What set of principles and laws should apply to government access to personal data, including for law enforcement, foreign intelligence, and national security purposes? As framework privacy and data protection laws have spread to most countries in the world, there is considerable uncertainty about how protections apply outside of the commercial sector. In democracies, state power should be exercised under the rule of law, generally including a prominent role for an independent judiciary. Non-democracies have also adopted framework data protection laws, but with uncertainty about how rule of law may apply for government actions. China has now adopted a framework data protection law, but lacks important rule of law institutions. The United States is a democracy with rule of law under its Constitution, but lacks a framework data protection law. Principled discussion about government access thus is emerging as central to geopolitical debates.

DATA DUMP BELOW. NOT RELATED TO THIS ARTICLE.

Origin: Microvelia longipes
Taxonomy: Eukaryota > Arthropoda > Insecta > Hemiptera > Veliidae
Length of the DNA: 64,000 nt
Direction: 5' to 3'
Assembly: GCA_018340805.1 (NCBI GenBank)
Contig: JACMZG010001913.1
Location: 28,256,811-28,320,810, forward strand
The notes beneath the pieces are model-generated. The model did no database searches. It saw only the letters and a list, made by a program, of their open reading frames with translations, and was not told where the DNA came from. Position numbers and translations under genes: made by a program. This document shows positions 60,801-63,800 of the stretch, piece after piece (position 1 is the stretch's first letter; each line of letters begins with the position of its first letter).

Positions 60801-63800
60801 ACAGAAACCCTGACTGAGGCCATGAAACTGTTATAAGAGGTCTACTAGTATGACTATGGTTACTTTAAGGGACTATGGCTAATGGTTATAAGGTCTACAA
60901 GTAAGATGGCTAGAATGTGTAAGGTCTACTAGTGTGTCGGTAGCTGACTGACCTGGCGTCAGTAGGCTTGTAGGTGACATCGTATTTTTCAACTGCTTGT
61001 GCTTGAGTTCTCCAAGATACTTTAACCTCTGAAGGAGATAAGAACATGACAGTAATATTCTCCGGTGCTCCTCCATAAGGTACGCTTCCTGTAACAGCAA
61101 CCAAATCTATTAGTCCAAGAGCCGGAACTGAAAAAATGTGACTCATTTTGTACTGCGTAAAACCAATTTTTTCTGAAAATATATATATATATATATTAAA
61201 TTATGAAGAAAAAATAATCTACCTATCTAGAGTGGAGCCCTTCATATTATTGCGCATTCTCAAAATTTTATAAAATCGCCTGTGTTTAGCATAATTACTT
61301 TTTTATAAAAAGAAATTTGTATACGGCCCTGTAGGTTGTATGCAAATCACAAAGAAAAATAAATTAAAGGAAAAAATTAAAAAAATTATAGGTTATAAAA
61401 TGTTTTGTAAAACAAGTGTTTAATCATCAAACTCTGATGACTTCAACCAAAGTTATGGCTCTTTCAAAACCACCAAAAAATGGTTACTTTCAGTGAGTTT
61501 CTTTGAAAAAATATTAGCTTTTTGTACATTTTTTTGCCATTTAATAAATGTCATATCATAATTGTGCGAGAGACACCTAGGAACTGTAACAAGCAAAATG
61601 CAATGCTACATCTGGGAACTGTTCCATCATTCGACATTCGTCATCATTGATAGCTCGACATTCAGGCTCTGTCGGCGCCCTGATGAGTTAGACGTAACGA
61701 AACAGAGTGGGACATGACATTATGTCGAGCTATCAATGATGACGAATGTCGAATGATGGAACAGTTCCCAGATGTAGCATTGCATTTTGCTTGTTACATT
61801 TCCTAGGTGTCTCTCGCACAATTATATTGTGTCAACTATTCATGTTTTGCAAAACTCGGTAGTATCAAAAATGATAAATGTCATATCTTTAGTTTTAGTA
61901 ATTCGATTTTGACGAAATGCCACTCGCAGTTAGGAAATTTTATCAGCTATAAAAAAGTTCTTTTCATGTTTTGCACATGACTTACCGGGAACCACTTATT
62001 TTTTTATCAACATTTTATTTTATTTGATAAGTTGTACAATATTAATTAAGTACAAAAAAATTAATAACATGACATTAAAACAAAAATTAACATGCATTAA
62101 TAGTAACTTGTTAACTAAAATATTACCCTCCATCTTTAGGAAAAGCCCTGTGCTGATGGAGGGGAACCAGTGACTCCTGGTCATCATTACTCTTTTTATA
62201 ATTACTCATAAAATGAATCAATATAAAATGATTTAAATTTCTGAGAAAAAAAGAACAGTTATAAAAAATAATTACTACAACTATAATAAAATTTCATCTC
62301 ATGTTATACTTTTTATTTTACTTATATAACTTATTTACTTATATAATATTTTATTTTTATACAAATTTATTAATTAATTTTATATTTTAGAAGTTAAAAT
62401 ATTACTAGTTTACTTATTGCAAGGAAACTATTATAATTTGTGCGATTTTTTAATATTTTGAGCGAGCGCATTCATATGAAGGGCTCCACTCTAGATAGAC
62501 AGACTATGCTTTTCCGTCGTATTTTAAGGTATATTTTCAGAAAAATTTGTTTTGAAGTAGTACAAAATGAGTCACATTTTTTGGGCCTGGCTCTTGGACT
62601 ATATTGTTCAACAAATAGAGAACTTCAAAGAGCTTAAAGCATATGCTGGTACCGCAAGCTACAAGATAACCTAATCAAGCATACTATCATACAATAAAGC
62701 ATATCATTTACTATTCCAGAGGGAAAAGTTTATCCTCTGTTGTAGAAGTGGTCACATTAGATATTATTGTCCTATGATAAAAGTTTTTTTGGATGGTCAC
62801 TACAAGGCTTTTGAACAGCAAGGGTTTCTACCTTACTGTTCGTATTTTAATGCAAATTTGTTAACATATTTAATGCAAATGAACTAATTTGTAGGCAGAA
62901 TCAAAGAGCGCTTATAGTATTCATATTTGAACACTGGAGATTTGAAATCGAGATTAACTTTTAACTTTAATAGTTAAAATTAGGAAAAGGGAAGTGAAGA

• What are the best forums for multi-lateral consideration of these issues of government access?
• What is the difference between “compelled/obliged” access and “direct” access? Does this difference matter when it comes to promoting democratic principles on government access to data held by the private sector?
• What legal rules and principles should apply to a democracy’s efforts to protect its national security through intelligence collection outside of its borders, including toward both allies and adversaries?
• What could we learn from recent developments on these matters, including the EU/US negotiations for a successor to Privacy Shield and the OECD process following the G20 initiative for free data flows with trust?